Here's a question for the organic chemists in the crowd, and not just those in the drug industry, either. Over the last few years, though, there's been a lot of discussion about how drug company compound libraries have too many compounds with too many aromatic rings in them. Here are some examples of just the sort of thing I have in mind. As mentioned here recently, when you look at real day-to-day reactions from the drug labs, you sure do see an awful lot of metal-catalyzed couplings of aryl rings (and the rest of the time seems to be occupied with making amides to link more of them together).
Now, it's worth remembering that some of the studies on this sort of thing have been criticized for stacking the deck. But at the same time, it's undeniable that the proportion of "flat stuff" has been increasing over the years, to the point that several companies seem to be openly worried about the state of their screening collections.
So here's the question: if you're trying to break out of this, and go to more three-dimensional structures with more saturated rings, what are the best ways to do that? The Diels-Alder reaction has come up here as an example of the kind of transformation that doesn't get run so often in drug research, and it has to be noted that it provides you with instant 3-D character in the products. What we could really use are reactions that somehow annulate pyrrolidines or tetrahydropyrans onto other systems in one swoop, or reliably graft on spiro systems where there was a carbonyl, say.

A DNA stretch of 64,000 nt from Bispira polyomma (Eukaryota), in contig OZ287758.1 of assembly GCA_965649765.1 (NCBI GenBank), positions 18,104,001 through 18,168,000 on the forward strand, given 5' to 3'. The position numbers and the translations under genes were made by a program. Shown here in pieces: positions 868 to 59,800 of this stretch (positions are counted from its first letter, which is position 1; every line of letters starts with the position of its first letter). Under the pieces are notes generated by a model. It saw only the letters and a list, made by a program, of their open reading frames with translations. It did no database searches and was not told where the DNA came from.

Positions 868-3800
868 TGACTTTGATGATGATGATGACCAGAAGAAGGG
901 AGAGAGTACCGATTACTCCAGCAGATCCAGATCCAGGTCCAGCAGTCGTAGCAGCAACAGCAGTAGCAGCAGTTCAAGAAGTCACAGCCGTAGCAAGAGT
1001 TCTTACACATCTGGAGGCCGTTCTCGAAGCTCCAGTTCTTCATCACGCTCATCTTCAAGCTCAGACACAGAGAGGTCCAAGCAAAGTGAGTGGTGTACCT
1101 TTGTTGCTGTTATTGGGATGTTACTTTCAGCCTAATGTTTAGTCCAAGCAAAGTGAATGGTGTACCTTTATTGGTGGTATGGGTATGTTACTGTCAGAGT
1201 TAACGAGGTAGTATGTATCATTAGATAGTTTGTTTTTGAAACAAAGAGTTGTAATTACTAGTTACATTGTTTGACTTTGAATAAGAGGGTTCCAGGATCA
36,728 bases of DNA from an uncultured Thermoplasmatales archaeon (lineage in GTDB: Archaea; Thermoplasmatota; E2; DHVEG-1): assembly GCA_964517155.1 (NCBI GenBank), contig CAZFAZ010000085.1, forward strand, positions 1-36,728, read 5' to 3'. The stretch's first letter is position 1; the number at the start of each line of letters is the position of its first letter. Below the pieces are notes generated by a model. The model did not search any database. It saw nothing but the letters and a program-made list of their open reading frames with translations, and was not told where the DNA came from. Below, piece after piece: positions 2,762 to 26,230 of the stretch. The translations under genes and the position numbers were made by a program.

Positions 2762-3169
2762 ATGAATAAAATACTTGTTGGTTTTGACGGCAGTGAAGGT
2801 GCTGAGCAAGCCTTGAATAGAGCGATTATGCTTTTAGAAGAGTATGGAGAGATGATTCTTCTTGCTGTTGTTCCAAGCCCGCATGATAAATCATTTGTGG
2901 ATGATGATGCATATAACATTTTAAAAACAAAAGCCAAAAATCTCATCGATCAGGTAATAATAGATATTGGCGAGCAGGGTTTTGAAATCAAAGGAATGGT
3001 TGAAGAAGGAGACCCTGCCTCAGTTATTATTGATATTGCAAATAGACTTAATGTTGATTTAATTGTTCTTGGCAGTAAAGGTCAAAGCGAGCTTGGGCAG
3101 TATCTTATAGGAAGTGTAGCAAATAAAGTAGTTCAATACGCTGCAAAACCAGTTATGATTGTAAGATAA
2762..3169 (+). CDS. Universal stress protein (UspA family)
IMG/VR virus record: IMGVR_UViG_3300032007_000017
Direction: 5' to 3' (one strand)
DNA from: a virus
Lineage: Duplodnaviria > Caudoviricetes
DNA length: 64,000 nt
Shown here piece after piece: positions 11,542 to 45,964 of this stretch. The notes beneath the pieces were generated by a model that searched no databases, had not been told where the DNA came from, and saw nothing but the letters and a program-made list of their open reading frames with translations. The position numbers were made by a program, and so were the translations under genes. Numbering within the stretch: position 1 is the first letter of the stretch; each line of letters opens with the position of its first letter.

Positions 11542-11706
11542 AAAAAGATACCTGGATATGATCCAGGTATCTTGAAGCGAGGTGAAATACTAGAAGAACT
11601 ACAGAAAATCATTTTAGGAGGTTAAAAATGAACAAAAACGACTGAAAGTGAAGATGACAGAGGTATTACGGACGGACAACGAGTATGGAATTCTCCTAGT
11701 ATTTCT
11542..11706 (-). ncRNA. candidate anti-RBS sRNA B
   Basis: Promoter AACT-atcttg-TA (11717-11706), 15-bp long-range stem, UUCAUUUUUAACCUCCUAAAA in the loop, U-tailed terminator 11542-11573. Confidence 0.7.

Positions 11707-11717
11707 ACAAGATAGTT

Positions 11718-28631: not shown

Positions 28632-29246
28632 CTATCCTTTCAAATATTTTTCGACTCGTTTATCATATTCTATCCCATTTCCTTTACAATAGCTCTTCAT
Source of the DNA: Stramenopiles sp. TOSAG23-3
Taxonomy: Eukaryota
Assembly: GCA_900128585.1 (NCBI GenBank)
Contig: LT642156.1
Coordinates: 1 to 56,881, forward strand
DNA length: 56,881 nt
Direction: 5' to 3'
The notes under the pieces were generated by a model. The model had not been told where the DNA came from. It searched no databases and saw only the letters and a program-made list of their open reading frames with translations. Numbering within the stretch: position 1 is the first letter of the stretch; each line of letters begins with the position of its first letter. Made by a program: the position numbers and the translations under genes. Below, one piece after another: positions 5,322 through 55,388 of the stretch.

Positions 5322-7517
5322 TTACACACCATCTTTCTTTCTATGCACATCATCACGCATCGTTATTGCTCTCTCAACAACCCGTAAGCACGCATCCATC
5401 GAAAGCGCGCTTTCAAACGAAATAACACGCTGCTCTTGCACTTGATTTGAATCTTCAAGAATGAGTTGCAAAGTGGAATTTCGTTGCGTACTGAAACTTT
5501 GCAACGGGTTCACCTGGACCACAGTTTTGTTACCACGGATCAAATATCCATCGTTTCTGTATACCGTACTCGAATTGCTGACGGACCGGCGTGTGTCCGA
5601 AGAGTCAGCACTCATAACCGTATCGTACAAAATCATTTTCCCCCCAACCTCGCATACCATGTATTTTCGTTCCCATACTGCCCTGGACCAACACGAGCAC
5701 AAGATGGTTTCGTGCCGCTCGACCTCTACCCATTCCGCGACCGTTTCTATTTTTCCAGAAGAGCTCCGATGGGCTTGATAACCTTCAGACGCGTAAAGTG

I know that there are some reactions like these out there, but it would be worthwhile, I think, to hear what people think of when they think of making saturated heterocyclic ring systems. Forget the indoles, the quinolines, the pyrazines and the biphenyls: how do you break into the tetrahydropyrans, the homopiperazines, and the saturated 5,5 systems? Embrace the stereochemistry! (This impinges on the topic of natural-product-like scaffolds, too).
My own nomination, for what it's worth, is to use D-glucal as a starting material. If you hydrogenate that double bond, you now have a chiral tetrahydropyran triol, with differential reactivity, ready to be functionalized. Alternatively, you can go after that double bond to make new fused rings, without falling back into making sugars. My carbohydrate-based synthesis PhD work is showing here, but I'm not talking about embarking on a 27-step route to a natural product here (one of those per lifetime is enough, thanks). But I think the potential for library synthesis in this area is underappreciated.